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Personalized Medicine Is Next Step in Castration-Resistant Prostate Cancer

Brandon Scalea
Published: Monday, Mar 04, 2019

Raoul S. Concepcion, MD, FACS

Raoul S. Concepcion, MD, FACS

The field of castration-resistant prostate cancer (CRPC) is moving forward with the development of several new treatment options, and the next steps for clinicians will be tailoring treatment strategies to each individual patient, said Raoul S. Concepcion, MD, FACS.

The phase III ARAMIS trial introduced a third androgen receptor inhibitor that may shake up the treatment paradigm for patients with nonmetastatic CRPC. In this study, the addition of darolutamide to androgen deprivation therapy (ADT) was found to significantly improve metastasis-free survival (MFS) versus ADT alone, with comparable tolerability to enzalutamide (Xtandi) and apalutamide (Erleada).

The findings, which were presented at the 2019 Genitourinary Cancers Symposium, showed the median MFS was 40.4 months for patients treated with darolutamide compared with 18.4 months in those who received ADT alone (HR, 0.41; 95% CI, 0.34-0.50; P <.0001). At a median follow-up of 17.9 months, the median time to pain progression also favored darolutamide at 40.3 months compared with 25.4 months with placebo, which translated to a 35% risk reduction (HR, 0.65; 95% CI, 0.53-0.79; P <.0001).

Although additional data will be critical in determining where darolutamide will fit into the nonmetastatic CRPC space, Concepcion, director of the Comprehensive Prostate Center, and clinical associate professor of urology, Vanderbilt University School of Medicine, said that cost could be the biggest deciding factor.

Beyond this approach, immunotherapy in the form of PD-1/L1 inhibitors could soon have a more significant role in the treatment of patients with metastatic disease, Concepcion predicts. As the space continues to move away from traditional approaches, the ability to interpret and utilize predictive biomarkers will become all the more important, as they will help inform which treatment will result in the greatest clinical benefit.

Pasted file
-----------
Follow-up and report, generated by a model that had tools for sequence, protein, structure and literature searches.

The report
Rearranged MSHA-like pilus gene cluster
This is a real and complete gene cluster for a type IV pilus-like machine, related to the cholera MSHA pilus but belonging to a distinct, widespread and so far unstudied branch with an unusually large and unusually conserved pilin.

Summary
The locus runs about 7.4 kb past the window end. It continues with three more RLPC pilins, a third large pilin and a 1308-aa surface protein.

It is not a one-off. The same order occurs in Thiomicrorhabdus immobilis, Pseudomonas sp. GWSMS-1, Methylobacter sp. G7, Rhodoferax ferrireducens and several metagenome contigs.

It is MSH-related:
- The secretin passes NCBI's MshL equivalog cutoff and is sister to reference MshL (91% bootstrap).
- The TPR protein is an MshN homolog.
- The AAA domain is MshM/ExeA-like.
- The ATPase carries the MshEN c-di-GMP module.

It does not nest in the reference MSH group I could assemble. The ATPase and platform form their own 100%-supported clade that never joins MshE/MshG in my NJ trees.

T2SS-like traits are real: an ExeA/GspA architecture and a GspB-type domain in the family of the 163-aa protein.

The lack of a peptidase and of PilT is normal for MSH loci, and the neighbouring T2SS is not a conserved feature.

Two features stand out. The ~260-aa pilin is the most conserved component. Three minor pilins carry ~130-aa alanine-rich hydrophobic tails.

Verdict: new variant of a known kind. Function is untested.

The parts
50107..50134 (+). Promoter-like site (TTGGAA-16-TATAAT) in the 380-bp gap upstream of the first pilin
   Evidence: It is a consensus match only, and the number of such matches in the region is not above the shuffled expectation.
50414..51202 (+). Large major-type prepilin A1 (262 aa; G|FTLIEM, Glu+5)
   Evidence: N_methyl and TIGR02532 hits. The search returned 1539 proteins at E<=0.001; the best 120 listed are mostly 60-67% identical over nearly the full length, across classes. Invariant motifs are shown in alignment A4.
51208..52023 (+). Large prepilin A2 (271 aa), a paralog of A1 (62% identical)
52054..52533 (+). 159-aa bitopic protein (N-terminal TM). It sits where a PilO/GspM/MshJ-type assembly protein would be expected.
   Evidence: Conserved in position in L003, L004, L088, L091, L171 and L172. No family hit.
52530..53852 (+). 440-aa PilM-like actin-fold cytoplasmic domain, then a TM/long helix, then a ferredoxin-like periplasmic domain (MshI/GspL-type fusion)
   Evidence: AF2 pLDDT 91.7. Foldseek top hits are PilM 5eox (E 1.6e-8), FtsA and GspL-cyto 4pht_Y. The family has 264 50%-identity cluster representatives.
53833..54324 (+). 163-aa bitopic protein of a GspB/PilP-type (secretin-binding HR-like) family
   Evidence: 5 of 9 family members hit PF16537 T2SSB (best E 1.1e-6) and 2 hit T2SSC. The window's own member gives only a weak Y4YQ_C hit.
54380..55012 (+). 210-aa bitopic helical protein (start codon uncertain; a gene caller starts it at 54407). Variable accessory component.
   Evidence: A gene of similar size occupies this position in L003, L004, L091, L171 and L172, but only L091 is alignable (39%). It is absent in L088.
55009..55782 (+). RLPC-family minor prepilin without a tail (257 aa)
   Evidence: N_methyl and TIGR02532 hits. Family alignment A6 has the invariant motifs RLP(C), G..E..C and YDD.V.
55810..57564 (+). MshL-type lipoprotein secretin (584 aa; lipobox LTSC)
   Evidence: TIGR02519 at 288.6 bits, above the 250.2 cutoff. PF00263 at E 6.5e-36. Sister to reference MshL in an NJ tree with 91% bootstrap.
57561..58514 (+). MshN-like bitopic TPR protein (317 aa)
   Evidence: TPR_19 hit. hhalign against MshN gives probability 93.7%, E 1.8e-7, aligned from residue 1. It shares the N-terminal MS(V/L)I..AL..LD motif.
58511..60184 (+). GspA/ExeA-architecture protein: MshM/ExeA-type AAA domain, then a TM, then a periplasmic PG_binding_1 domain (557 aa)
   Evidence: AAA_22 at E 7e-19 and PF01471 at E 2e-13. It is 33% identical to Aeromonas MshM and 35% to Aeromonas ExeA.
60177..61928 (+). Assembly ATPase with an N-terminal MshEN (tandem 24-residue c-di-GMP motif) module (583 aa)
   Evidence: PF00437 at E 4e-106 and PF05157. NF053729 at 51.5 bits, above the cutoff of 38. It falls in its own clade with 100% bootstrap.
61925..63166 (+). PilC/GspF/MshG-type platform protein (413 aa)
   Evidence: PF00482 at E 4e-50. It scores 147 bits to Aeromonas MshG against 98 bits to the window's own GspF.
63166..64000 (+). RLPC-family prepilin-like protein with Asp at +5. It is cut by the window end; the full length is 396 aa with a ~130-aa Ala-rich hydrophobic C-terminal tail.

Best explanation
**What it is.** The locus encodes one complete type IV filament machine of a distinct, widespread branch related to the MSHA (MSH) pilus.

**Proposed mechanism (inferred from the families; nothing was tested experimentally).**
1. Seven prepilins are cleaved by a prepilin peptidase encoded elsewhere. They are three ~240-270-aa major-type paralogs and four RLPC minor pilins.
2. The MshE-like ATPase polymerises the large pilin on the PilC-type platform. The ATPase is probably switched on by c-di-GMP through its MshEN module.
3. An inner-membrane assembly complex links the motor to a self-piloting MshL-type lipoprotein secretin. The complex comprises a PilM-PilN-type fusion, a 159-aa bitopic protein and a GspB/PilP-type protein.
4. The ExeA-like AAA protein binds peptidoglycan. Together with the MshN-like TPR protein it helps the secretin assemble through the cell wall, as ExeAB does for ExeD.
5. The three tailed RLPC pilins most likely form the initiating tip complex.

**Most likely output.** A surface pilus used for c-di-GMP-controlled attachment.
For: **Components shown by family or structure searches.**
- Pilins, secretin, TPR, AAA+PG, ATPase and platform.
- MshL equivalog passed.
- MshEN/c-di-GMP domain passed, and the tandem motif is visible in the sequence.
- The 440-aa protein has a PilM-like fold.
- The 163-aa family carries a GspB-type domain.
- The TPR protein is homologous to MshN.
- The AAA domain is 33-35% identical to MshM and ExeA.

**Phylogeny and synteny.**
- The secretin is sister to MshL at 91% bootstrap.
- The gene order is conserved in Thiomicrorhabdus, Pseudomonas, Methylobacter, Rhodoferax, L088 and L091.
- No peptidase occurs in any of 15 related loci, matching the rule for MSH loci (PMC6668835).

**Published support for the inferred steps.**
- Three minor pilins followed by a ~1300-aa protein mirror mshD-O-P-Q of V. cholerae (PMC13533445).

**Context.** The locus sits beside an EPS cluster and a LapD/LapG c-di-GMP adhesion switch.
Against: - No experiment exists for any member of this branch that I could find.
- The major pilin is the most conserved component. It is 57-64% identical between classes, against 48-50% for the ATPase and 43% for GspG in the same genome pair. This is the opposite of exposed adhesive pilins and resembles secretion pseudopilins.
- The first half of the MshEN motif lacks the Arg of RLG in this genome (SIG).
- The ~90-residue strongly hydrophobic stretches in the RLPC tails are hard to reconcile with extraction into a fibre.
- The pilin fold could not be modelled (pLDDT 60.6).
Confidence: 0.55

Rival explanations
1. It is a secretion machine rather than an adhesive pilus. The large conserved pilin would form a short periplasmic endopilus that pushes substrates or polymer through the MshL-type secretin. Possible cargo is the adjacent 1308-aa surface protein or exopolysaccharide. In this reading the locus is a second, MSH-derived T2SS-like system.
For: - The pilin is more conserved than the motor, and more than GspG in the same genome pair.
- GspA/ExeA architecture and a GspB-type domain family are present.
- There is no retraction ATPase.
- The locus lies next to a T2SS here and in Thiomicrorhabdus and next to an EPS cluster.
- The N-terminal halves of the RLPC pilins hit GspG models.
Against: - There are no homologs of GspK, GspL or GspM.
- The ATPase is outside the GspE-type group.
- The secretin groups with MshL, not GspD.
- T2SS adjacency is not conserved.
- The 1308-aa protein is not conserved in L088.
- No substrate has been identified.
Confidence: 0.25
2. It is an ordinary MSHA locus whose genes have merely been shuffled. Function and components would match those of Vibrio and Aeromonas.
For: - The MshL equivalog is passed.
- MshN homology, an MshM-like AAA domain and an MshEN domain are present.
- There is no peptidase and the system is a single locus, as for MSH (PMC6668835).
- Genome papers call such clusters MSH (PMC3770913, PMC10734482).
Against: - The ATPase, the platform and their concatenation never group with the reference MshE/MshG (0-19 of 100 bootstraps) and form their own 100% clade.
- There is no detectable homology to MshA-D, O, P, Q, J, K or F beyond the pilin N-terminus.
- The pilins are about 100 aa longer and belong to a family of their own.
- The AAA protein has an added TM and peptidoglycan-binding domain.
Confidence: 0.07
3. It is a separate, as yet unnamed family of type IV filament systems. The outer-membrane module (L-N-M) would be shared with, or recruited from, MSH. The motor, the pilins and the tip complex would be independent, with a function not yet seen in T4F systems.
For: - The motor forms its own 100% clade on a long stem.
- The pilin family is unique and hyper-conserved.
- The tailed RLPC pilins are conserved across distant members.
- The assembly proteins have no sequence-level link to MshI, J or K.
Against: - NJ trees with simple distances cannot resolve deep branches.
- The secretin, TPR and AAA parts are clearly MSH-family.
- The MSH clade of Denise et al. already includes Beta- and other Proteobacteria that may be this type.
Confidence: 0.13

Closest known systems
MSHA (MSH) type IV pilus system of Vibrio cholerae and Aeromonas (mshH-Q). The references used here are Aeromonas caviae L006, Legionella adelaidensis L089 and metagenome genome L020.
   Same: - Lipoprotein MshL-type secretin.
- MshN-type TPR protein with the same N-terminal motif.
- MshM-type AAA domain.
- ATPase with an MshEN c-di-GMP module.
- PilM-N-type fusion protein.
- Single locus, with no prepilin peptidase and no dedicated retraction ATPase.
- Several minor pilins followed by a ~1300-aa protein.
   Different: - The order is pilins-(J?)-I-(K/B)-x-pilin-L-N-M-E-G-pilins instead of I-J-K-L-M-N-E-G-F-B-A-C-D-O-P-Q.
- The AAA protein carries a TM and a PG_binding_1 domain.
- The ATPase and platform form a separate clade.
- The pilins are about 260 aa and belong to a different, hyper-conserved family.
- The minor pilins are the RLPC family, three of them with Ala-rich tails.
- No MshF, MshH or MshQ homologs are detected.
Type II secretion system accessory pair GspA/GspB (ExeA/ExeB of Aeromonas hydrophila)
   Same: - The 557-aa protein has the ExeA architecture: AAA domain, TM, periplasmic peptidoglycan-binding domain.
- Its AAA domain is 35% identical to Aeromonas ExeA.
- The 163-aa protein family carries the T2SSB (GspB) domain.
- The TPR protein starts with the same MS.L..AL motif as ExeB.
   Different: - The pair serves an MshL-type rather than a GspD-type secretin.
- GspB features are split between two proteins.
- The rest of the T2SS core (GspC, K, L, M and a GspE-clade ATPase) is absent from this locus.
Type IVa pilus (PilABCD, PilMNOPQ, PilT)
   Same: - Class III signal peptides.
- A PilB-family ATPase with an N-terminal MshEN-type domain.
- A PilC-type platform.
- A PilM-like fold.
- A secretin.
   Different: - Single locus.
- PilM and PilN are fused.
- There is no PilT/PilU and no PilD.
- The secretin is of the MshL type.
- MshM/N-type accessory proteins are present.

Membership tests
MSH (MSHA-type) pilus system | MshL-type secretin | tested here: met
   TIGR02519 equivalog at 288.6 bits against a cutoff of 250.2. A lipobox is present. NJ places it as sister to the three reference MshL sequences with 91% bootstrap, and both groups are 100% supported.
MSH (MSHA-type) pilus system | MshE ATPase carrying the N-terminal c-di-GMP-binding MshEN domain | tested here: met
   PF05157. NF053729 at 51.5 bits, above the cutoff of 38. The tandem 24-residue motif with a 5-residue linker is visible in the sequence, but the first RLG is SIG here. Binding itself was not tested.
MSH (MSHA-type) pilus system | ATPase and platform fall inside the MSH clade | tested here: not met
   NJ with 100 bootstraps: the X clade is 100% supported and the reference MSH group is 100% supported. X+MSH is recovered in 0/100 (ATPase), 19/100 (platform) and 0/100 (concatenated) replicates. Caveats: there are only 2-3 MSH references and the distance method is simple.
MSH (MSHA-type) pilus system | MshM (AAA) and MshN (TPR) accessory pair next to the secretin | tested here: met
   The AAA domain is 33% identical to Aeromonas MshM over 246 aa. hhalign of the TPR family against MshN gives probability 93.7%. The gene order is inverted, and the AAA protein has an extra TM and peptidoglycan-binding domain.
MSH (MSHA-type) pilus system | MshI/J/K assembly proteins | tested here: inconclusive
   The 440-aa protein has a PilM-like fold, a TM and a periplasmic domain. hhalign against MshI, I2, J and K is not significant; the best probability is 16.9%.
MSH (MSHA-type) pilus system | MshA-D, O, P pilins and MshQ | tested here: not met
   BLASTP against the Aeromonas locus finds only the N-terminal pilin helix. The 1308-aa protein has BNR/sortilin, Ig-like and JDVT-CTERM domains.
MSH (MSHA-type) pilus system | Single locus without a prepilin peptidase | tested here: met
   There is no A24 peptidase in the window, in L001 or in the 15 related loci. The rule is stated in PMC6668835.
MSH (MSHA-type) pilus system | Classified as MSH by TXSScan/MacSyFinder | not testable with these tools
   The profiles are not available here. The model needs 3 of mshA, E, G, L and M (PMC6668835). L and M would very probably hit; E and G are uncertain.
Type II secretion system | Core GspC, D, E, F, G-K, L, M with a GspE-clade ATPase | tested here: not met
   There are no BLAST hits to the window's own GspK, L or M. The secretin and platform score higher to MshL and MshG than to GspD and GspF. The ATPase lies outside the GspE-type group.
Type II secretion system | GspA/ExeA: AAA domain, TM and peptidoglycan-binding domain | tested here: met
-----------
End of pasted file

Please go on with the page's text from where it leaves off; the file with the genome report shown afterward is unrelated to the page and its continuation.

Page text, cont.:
In an interview with OncLive, Concepcion, who is also the editor-in-chief of Urologists in Cancer Care, discussed the clinical implications of the findings from the ARAMIS trial and highlighted other therapies that are coming down the pike for the treatment of patients with CRPC.

OncLive: How has the results from the ARAMIS trial impacted the nonmetastatic CRPC landscape?

Concepcion: ARAMIS was a highly anticipated trial mostly because the drug itself, darolutamide, is structurally different than apalutamide and enzalutamide. In this trial, investigators were looking at patients with nonmetastatic CRPC, a very similar population to [those evaluated] in the SPARTAN and PROSPER trials. In other words, these patients had a diagnosis of prostate cancer, were on ADT, had testosterone levels in the castration range, and had rising prostate-specific antigen (PSA). They were imaged and showed no evidence of metastatic disease by traditional imaging, which includes a bone scan and a computerized tomography scan. Enzalutamide and apalutamide are FDA approved for these patients. The inclusion criteria for these patients was to have a PSA doubling time <10 months, when in reality, this patient population has a doubling time less <3 months.

The theory of darolutamide being structurally different is that there may, in fact, be less toxicity relative to central nervous system (CNS) adverse events. What they reported out [at the 2019 Genitourinary Cancers Symposium] was what many people anticipated: the time to metastases was delayed versus placebo. But what would be the side effect profile? This [question] was specific to fatigue, because enzalutamide and apalutamide have a very significant fatigue factor somewhere in the order of 20% to 30%. What they reported at the symposium was that in the darolutamide arm, the incidence of fatigue was approximately 15%; in the placebo arm, it was 12%. Therefore, there is definitely a reduction in the incidence of fatigue. Again, the delay to MFS was pretty much similar to what we saw with enzalutamide and apalutamide in this nonmetastatic CRPC population.

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